Socialist opposition leader Evo Morales, who heads the country's coca growers' union and was behind the current anti-government protests, said Mesa's resignation was "only half believable since at no time did he mention it was irrevocable."
So, it might be another gambit from Prez Mesa?? Take it to the brink.
Evo of course, dared everyone else to quit so he could be elected.
"To make us believe," Morales added, the presidents of both houses of Congress, Vaca Diaz and Cossio, should also resign "and the Supreme Court president should assume the presidency and call for presidential elections before the end of the year".
The lefties are going nuts, can't wait to get their man into office. So much for 'popular power'!!!
Underlying this whole mess is the feeling of the Aymara nationalists. Will they be happy enough with keeping control of El Alto and La Paz?? The protests and hell-raising are supposedly about the gas, but that is physically (and realistically) pretty far away. They will get denied by the autonomists, who don't want to be run by Evo and Quispe. But is that really the point???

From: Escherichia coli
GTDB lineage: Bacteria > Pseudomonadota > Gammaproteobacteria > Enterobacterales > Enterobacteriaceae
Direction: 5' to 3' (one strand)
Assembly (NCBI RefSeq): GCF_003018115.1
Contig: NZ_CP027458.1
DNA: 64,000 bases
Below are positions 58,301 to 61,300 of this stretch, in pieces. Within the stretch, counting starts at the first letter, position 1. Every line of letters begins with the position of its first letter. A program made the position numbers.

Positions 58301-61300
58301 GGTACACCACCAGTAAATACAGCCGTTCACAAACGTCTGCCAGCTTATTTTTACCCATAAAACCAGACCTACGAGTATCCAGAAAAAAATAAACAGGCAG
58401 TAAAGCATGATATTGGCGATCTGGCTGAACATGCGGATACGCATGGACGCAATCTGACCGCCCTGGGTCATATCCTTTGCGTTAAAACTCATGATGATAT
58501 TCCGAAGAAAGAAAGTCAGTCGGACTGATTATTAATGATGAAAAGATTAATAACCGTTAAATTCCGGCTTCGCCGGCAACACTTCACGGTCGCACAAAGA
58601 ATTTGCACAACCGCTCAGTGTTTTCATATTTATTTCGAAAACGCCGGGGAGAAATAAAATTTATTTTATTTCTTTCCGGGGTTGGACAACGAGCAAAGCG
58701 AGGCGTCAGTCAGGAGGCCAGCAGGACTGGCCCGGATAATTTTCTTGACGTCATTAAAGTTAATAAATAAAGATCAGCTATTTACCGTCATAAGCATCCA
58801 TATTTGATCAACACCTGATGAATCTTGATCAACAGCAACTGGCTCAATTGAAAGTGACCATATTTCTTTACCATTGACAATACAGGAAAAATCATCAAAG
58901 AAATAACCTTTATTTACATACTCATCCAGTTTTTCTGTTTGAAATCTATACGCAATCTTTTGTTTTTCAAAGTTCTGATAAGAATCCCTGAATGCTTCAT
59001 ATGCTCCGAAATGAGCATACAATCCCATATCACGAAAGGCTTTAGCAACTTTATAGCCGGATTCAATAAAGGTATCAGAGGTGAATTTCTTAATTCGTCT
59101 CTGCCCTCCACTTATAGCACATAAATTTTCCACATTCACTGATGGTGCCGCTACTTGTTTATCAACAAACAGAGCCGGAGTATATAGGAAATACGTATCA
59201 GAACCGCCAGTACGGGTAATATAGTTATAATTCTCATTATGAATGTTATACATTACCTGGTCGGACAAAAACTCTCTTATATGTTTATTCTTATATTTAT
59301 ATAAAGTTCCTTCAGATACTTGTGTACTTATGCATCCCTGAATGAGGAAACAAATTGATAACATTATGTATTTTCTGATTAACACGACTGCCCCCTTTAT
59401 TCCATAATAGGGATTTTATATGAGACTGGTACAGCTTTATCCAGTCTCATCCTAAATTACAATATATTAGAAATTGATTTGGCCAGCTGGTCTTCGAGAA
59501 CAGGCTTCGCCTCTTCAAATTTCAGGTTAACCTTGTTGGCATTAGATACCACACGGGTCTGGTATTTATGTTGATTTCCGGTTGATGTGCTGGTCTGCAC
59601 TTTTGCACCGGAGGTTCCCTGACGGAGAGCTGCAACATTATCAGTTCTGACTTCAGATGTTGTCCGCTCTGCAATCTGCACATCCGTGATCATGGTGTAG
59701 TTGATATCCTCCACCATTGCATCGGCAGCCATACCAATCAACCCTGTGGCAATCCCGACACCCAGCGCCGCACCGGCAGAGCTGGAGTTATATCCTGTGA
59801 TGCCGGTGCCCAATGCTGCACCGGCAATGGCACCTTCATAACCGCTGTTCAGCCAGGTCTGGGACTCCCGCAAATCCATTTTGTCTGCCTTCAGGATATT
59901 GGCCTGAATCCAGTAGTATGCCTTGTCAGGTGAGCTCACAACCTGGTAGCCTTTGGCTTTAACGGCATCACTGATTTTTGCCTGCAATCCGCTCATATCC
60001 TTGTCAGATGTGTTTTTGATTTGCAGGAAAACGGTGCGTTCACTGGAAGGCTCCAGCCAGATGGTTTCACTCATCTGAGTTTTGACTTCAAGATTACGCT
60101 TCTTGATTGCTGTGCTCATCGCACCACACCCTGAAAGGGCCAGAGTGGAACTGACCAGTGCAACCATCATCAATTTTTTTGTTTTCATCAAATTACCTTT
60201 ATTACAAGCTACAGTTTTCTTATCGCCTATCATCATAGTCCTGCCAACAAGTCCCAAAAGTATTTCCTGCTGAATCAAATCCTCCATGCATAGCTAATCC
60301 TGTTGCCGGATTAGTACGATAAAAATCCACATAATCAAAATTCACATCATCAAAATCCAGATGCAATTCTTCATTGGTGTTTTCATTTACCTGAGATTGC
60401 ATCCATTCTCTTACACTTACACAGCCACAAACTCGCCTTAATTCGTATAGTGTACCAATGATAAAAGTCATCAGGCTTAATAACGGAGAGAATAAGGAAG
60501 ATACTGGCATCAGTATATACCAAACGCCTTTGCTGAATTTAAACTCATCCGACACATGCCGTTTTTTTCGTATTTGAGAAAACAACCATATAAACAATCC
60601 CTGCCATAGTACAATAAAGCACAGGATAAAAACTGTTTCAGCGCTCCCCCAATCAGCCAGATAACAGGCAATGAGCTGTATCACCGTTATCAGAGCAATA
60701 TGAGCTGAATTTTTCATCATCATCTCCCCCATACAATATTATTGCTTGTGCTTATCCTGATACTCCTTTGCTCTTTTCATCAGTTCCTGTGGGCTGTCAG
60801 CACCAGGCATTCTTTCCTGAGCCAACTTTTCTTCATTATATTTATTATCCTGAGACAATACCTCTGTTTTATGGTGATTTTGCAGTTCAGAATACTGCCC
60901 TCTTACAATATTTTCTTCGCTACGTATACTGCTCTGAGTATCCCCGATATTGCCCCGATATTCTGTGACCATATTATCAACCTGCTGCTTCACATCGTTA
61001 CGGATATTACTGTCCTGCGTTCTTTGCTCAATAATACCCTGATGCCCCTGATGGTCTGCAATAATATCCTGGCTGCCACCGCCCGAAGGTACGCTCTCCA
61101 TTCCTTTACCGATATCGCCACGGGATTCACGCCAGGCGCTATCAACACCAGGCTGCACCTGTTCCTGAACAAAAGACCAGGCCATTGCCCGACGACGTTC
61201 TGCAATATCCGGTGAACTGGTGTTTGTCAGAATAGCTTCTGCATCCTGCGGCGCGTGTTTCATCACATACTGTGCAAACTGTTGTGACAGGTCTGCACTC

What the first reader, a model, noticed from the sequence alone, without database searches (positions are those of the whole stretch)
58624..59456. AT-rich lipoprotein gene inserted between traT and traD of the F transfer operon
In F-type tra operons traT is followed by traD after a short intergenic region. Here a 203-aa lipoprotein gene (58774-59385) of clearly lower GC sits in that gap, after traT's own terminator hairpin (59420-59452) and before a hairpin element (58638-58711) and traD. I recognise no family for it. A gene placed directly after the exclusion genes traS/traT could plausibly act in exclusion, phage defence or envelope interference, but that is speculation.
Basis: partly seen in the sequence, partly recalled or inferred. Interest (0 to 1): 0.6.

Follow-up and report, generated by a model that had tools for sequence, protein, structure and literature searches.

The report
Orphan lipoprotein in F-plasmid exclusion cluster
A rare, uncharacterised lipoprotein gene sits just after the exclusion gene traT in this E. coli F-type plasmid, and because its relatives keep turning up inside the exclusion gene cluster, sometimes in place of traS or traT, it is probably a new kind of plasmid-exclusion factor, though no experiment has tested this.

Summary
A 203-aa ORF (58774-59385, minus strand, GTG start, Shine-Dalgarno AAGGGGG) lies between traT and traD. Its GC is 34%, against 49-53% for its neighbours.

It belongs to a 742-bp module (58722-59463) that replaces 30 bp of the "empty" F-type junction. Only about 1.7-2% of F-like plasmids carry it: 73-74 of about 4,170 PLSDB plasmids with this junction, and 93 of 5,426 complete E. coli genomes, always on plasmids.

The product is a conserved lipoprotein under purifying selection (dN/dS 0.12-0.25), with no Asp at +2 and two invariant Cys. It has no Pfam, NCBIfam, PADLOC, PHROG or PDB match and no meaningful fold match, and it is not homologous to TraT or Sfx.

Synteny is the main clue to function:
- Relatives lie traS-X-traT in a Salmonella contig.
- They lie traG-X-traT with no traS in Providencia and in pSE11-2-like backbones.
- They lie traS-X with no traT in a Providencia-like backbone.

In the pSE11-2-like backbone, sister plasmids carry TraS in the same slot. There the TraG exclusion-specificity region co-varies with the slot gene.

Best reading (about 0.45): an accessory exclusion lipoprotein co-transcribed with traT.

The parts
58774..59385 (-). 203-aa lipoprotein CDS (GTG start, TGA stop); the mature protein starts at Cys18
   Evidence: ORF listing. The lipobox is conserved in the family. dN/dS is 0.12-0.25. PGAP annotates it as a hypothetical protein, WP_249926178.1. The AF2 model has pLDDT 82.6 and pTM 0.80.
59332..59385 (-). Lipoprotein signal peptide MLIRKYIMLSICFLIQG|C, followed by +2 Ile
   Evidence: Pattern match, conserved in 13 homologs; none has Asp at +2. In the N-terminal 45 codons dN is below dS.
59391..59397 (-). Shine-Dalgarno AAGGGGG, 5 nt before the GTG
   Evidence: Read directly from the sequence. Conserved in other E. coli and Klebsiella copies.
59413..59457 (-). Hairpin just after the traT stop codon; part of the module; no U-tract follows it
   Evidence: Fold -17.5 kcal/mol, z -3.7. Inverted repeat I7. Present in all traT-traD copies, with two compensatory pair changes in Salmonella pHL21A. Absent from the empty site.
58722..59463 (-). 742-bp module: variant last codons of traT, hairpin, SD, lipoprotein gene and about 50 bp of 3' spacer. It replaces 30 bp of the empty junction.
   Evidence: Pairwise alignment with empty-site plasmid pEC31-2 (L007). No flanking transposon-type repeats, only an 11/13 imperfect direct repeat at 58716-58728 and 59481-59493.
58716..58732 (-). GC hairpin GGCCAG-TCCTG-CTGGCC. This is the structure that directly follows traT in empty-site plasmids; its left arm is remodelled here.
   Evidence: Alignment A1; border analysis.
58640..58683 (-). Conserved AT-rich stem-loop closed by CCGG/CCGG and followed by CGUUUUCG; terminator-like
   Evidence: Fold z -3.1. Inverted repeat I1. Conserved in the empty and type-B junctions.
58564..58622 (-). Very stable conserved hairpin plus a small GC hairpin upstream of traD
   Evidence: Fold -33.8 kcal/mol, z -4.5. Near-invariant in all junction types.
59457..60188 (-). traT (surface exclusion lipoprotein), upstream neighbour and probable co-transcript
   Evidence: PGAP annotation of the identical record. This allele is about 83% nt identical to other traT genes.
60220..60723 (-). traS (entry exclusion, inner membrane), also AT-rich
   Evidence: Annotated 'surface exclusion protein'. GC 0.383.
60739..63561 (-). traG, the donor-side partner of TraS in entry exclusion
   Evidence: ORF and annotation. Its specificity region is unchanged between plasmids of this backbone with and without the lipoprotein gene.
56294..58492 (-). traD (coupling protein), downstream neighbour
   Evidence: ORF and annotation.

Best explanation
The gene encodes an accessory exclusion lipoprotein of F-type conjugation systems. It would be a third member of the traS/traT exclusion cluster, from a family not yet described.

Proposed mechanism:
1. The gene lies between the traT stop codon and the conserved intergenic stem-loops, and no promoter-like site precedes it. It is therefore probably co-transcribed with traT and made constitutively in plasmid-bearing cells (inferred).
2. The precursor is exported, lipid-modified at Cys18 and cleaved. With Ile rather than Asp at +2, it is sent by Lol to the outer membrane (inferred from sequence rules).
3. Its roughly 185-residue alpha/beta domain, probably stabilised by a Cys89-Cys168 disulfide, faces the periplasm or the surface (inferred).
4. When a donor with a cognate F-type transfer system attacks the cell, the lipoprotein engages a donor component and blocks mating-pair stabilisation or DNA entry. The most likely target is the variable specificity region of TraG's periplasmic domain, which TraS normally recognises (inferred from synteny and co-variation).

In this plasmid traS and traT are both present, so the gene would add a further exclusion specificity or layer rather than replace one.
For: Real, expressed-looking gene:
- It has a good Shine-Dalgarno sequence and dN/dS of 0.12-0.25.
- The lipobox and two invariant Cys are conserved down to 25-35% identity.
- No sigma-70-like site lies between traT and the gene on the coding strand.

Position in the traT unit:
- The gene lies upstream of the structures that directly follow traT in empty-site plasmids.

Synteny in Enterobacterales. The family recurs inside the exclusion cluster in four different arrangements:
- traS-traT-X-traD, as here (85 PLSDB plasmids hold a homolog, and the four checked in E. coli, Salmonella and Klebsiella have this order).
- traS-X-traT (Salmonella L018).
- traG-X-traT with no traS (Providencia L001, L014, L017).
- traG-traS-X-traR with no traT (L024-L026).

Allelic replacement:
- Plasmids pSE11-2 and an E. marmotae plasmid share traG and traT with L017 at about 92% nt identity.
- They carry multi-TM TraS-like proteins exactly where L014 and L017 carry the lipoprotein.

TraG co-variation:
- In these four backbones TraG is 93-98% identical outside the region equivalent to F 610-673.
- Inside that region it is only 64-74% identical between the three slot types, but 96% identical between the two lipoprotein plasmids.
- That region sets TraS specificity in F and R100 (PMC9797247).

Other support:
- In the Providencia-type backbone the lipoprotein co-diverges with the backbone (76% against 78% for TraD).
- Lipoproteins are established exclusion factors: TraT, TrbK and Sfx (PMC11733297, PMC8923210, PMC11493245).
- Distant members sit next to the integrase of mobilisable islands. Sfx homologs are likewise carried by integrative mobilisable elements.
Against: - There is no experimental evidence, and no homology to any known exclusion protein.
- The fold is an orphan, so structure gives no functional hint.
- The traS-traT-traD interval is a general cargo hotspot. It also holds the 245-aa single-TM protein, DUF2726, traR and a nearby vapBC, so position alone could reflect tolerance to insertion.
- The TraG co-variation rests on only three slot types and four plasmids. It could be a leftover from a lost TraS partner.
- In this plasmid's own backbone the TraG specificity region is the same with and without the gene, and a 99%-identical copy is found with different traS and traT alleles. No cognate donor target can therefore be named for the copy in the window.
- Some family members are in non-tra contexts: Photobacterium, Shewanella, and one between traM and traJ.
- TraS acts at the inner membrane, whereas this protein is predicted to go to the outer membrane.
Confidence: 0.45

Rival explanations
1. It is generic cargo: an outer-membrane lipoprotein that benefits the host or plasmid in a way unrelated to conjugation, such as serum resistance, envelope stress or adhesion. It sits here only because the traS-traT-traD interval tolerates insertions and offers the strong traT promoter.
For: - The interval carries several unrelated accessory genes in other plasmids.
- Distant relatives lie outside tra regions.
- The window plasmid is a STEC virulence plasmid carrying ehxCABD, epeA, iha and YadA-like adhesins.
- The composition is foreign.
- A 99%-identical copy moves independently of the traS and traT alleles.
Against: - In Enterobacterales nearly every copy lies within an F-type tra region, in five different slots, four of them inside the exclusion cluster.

However 'significant' this movement is, I can't avoid feeling that part of it is a 'get whitey' feeling by this marginalized population. They have reportedly been beating up workers who have the misfortune of wearing ties that day. That reeks of Pol Pot's Khmer Rouge picking up people wearing glasses as 'intellectuals.' The Aymaras have endured exploitation and a caste/race marginalization by Bolivia's 'mestizo' population. That difference is more based on dress than anything, because La Paz' purported 'white elite' is largely indistinguishable from its Aymara cousins, the only difference seems to be dress.
It takes a Venezuelan to figure out the mess Bolivians are in.
Discussing Bolivia is extremely complex. Suffice to say for now that the Bolivian "altiplano" long suffering and long exploited natives want now to benefit from the oil and gas of the Santa Cruz province, the newcomer and the booming area of Bolivia. There was a time where Bolivia fought for the Chaco in a bloody XX war. Paraguay won but no oil was found in the Chaco. Had Bolivia been more patient it would have realized that the oil was already at home. Meanwhile Santa Cruz grew in the recent decades to become the granary of Bolivia and the pole of industrial pole.
The locals do not want to have orders come from La Paz for which there is not even a real good road to connect with. Santa Cruz looks to Brazil and Mercosur. La Paz looks at its navel. Santa Cruz thinks local initiative (even if only for the local oligarchy), decentralization. La Paz is afraid to fall into the hands of radical leaders that exploit the justified resentment of their followers. Whoever wins in La Paz will only try to control Santa Cruz and get as much money as possible from there to buy off peace from El Alto.